Surreal Ocean

Tide rises from all sides—this surround
won’t bring back my father’s words of advice.
In a dream, I refuse to walk along the granite bluff
with my sisters—this is no return to Ireland. This is

what gets made
up before dawn closer to the Mississippi
than any hint of salt. Pastels
on sleeves—watercolors in the sky—pollution

at dusk—can’t have a January
thaw without a frozen
plain. A surreal ocean
comes to mind.

Oral Savior

Shakes my hand
for choosing to walk
right past that survival

sign. No longer a tobacco
stained talker, I just smile
my way toward prevailing bluffs.


As he disappears
behind a mountain, she sighs
a sigh weighted in sadness,
in regret, in relief. As she remembers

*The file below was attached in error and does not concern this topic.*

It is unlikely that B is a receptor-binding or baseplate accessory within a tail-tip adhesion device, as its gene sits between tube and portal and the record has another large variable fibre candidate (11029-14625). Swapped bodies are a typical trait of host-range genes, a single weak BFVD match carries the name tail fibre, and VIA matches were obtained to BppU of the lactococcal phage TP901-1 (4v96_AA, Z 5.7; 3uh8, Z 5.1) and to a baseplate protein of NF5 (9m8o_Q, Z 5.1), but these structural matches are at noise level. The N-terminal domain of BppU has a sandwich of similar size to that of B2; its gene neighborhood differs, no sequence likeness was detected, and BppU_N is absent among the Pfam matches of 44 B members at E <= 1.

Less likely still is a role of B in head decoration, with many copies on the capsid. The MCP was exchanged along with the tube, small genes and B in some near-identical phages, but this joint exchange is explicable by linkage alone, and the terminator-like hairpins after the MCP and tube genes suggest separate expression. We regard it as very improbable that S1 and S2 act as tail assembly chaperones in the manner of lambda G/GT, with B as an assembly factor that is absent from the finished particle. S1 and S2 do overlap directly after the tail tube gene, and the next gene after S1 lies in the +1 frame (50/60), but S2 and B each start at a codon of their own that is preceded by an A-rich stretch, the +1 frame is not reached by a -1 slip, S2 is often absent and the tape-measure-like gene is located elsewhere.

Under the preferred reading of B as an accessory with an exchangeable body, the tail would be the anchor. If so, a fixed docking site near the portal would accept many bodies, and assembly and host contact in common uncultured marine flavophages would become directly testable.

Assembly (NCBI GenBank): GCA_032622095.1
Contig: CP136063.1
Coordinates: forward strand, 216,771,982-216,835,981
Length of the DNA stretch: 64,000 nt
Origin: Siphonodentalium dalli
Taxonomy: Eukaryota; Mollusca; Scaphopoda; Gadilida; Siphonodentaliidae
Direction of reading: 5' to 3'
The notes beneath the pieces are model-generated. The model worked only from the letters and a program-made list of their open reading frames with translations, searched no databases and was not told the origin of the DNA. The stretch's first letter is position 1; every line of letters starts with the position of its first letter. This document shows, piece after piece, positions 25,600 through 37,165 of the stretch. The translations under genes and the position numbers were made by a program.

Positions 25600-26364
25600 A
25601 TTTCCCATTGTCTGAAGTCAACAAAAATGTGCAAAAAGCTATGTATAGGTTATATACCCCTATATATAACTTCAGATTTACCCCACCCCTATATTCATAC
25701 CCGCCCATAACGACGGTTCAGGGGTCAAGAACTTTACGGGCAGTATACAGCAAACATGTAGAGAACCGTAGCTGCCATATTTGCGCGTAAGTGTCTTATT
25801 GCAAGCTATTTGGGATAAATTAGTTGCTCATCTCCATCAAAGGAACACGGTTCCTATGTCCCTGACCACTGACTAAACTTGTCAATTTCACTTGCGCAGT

each step they took
toward the bluff before night blanketed them
in desire, she sees a gull
on the rock she had reserved

for them. No longer a them,
she turns her back
to the ocean—no longer in need
of more salt.

Mississippi Burden

Release me
from these lucid dreams. The more
I try to control the mind
toward a reencounter with you in a garden
level coffee bar, the less 

I know about sleeping
flowers on this bluff
overlooking the confluence
of two rivers. What gets tended
in the dark could grow 

into more than what I believe, a grace
over dogma rising
from sandy soil. I am carrying fear 

in a basket my ancestral women transported
with time on their heads, by turns, to reach the big 

river, to spill
the contents into turbulent waters, 

to no longer believe in
the terror of the flood, the promise
of drought. So far, I am not 

balancing it
on my head, but on my left hip
below the heart. I’m still hoping
you’ll catch my right
to pull me into your current, to take everything 

from me, so I have nothing left
to drop.